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Old 6th June 2005, 09:13   #1
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Default How Chelsea made swoop for Arnesen

How Chelsea made swoop for Arnesen
By Mihir Bose Telegraph 06/06/2005

Frank Arnesen, Tottenham Hotspur's suspended sporting director, first came to Chelsea's attention last summer when he held a similar position at his previous club, PSV Eindhoven, and helped them to complete the 12 million signing of the Dutch winger Arjen Robben.

They stepped up their interest last month when the banker Eugene Tenebaum, who is Roman Abramovich's right hand man, wrote to Daniel Levy, the Spurs chairman, asking for permission to approach the highly-rated Dane to become Chelsea's football director.

Tenebaum said that he was writing to Levy because, under the Premier League rules, clubs are forbidden to ask an employee of another club to break his contract.

Levy replied the same day denying Chelsea that permission. Two days later Chelsea rang Levy and Levy again denied them permission. However, if Levy felt that was the end of the affair he was mistaken.

At the bottom of the original letter was a simple message, quite often seen on official letters, but which turned this particular piece of paper into a lethal document which will figure in any action Tottenham might take. It said the letter had been copied to Arnesen.

This meant that while Levy had denied Chelsea permission to talk to him, in an indirect way Chelsea had approached the Dane. He knew Chelsea wanted him and it did not take him long to tell Levy that he wanted to go to Chelsea.

Over the next few days there were several meetings between Levy and the Dane at the end of which, on Wednesday afternoon, at about the time when Chelsea were being found guilty of making an illegal approach to the Arsenal defender Ashley Cole, Levy knew the managerial team he had taken so long to build had been fractured. Arnesen clearly felt his prospects were better in West London.

On Thursday Levy drove to the Leicestershire countryside to attend the two-day Premier League annual summer meeting. Outwardly he gave no indication of the upheaval about to hit White Hart Lane and said he was happy with Arnesen and the team he and Martin Jol were building at Tottenham.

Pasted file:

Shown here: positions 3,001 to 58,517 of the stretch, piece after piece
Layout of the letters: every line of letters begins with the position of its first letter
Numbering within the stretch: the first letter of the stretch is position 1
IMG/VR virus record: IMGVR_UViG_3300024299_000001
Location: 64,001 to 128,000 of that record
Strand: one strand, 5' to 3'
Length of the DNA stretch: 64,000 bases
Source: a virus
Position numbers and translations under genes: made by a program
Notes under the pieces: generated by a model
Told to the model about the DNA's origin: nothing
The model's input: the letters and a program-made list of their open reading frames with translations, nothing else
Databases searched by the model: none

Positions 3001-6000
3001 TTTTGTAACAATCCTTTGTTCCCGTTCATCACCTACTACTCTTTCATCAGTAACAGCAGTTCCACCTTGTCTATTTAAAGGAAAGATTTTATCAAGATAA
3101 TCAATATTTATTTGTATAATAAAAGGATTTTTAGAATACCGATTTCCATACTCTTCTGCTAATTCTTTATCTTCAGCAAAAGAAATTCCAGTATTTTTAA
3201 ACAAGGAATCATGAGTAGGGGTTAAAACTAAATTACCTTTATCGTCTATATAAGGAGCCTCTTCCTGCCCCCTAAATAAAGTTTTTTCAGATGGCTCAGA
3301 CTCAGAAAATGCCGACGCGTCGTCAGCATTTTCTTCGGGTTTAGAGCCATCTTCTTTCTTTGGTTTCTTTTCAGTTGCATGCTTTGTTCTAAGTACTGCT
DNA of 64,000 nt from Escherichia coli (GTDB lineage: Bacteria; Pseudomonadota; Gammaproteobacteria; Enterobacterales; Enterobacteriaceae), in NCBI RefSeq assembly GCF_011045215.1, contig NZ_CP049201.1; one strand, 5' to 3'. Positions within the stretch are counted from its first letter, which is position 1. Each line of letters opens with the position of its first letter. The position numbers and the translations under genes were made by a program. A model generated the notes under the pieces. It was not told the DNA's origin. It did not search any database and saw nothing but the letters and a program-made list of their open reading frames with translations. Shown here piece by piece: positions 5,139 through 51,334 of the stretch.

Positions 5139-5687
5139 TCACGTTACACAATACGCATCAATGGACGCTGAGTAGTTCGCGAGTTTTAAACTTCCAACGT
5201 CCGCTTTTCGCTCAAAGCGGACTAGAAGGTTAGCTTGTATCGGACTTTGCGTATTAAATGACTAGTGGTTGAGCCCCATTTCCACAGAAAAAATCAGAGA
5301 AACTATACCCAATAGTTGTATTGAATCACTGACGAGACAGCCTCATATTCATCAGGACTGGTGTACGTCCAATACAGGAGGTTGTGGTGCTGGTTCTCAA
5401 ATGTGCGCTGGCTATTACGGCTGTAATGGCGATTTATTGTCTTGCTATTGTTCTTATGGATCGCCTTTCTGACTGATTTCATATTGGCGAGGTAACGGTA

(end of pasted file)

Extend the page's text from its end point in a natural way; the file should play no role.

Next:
But privately he knew the score and once the Premier League meeting was over on Friday afternoon he held a private meeting with Bruce Buck, the Chelsea chairman, and Peter Kenyon, the chief executive.

During the discussions it became clear that Chelsea had agreed a deal with Arnesen.

Levy said he would be seeking compensation as he felt Chelsea had broken the Premier League's rules.

Tottenham's lawyer, Nigel Boardman, ironically the same lawyer who advised Arsenal over the Cole affair, advised Levy that Arnesen should be immediately suspended from his duties.

Furthermore, since Arnesen was a senior employee and Tottenham were listed on Alternative Investment Market, the suspension should be made public.

This not only meant that Arnesen was now locked out of White Hart Lane and the training ground but led to Tottenham's Saturday lunch-time announcement of the suspension.

Chelsea responded with their own explanation saying they had approached Tottenham and kept to the rules but Tottenham responded by saying that by copying the letter to Arnesen Chelsea had violated them.

The whole affair promises another interesting legal battle similar to the one between Chelsea and Manchester United two years ago when Chelsea poached Kenyon from Manchester United. Chelsea not only had to pay a transfer fee but Kenyon was also made to go on gardening leave.
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